Eric said we also have to pay attention to co-optation of “the right to housing” messaging. The Sacramento Mayor introduced a proposal: “Right to Housing and Obligation to Use It,” and it serves as basis to criminalize encampments under the pretense that “other options exist.” We have to not only say housing is a human right, but we have to say what that does and does not look like.

Anthony Prince is the lead organizer for the revived National Union of the Homeless and the California Union of the Homeless. The revived NUH is organizing in 10 states, with many local chapters in those states. In California alone, there are 25 local chapters and membership varies from one chapter to another by the tens, hundreds, and thousands.

Anthony reminded us that while charitable efforts can offer short-term relief, they aren’t enough to end homelessness: 

“The difference between charity and solidarity is that the Salvation Army can give out a sleeping bag, but [the homeless union] can distribute the same sleeping bag and say, here’s a place for you to get sleep tonight, so tomorrow morning you can come to the homeless union and organize yourself in order to get substantive, systemic change.”

Anthony also echoed what other panelists said: sometimes the poor are not even aware of what they deserve because the dominant narrative around poverty is so strong, and charity frames the poor as helpless. When the union engages in actions, their members build up their self-worth and strengthen their resolve.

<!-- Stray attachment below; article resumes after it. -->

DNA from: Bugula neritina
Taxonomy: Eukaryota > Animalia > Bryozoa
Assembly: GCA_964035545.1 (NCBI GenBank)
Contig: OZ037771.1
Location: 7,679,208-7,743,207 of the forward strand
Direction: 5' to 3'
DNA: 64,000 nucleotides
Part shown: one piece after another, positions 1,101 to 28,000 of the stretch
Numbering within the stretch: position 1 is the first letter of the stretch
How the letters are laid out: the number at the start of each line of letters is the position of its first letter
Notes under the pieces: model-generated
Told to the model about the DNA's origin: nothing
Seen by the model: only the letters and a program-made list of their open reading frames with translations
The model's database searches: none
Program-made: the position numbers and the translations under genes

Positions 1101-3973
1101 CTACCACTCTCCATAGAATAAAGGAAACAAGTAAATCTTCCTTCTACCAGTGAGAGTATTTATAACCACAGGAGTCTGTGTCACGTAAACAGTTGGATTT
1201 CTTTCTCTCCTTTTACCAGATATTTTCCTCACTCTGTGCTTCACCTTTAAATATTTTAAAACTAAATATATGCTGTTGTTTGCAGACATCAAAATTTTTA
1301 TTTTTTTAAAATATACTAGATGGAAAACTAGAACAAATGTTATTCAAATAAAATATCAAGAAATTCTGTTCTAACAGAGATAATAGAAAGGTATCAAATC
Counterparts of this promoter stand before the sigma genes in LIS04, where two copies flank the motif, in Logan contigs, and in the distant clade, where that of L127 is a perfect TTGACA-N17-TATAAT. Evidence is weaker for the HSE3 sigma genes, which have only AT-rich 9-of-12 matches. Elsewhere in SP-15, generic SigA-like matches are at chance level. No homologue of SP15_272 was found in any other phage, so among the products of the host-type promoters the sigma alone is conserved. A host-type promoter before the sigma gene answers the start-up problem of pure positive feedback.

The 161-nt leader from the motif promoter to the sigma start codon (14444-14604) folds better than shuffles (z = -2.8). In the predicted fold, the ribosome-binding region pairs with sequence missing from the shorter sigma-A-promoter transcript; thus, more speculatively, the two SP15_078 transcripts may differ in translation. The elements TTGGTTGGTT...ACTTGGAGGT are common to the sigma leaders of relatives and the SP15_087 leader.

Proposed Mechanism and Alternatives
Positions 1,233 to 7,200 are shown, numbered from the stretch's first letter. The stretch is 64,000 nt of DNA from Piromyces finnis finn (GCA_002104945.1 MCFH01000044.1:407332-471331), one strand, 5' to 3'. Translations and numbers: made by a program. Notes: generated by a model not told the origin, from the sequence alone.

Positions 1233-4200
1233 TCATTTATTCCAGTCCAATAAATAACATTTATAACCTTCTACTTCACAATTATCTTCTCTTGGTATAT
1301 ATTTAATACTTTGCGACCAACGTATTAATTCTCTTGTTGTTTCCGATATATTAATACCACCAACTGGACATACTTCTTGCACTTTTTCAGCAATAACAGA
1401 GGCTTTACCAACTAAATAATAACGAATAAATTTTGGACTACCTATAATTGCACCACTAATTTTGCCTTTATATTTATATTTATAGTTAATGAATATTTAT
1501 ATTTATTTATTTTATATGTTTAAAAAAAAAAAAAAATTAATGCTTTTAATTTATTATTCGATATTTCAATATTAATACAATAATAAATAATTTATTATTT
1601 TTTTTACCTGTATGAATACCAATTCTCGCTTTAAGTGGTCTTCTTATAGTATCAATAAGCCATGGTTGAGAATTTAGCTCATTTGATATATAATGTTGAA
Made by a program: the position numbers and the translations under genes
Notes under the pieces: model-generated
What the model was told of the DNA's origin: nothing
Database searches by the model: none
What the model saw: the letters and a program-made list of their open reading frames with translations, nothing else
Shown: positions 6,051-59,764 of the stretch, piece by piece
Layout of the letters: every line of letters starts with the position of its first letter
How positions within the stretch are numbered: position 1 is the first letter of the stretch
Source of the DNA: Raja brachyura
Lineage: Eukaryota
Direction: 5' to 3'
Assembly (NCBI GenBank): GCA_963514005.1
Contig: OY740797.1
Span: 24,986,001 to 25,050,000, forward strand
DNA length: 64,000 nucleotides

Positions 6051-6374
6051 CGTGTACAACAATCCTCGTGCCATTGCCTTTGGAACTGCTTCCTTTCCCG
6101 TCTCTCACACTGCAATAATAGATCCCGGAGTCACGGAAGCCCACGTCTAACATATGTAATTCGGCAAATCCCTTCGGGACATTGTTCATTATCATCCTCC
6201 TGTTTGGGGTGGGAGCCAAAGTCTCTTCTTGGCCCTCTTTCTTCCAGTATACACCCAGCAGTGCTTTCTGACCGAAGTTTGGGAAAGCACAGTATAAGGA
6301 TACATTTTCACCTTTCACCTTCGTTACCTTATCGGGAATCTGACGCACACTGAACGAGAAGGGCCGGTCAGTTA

We Cry for Justice in June 2022

Our movement is growing, and leaders are rising around the country to meet this moment. Savina Martin, the president of the original Boston Union of the Homeless, compares the revolutionary power growing in America to Mary the revolutionary mother:

“There are many Marys, the 140 million Marys. Those who stand in soup lines. I reflect on mothers that have lost their sons to police violence, and their plight and fight becomes such a danger. We must become a tool while organizing. What does God call on through Mary’s Song? It became a call to action. So let us gear up once again, as tired as we may be, to mobilize this coming year to a massive level into Washington DC with the Poor People’s Campaign’s Assembly on June 18, 2022, at the seat of the citadel, to sing our song for life, our song for liberty, and our song for the pursuit of justice and to live and not die in the richest country in the world. We Cry Justice!”

The dominant narrative wants to blame the poor and the homeless for their problems, but we know the truth. We know the poor are working, sometimes two or three jobs, just to be paid starvation wages and still not have enough for basic needs. 

This is why we demand the funneling of resources to turn vacant buildings into affordable housing. We demand the raising of the minimum wage to a housing wage – $24.90 is the national housing wage for a 2-bedroom home. We demand an end to all evictions. We demand the cancellation of all debt that is suffocating the 140 million low-wealth Americans. We demand an end to mass incarceration and a restructure of the economy to choose people over prisons. 

And on June 18, 2022, the Poor People’s Campaign: A National Call for Moral Revival will mobilize a massive poor and low-wage worker’s assembly in Washington DC to demand our government take action. The lie that we do not have the resources to end poverty and homelessness has gone on far too long, and we won’t be silent anymore.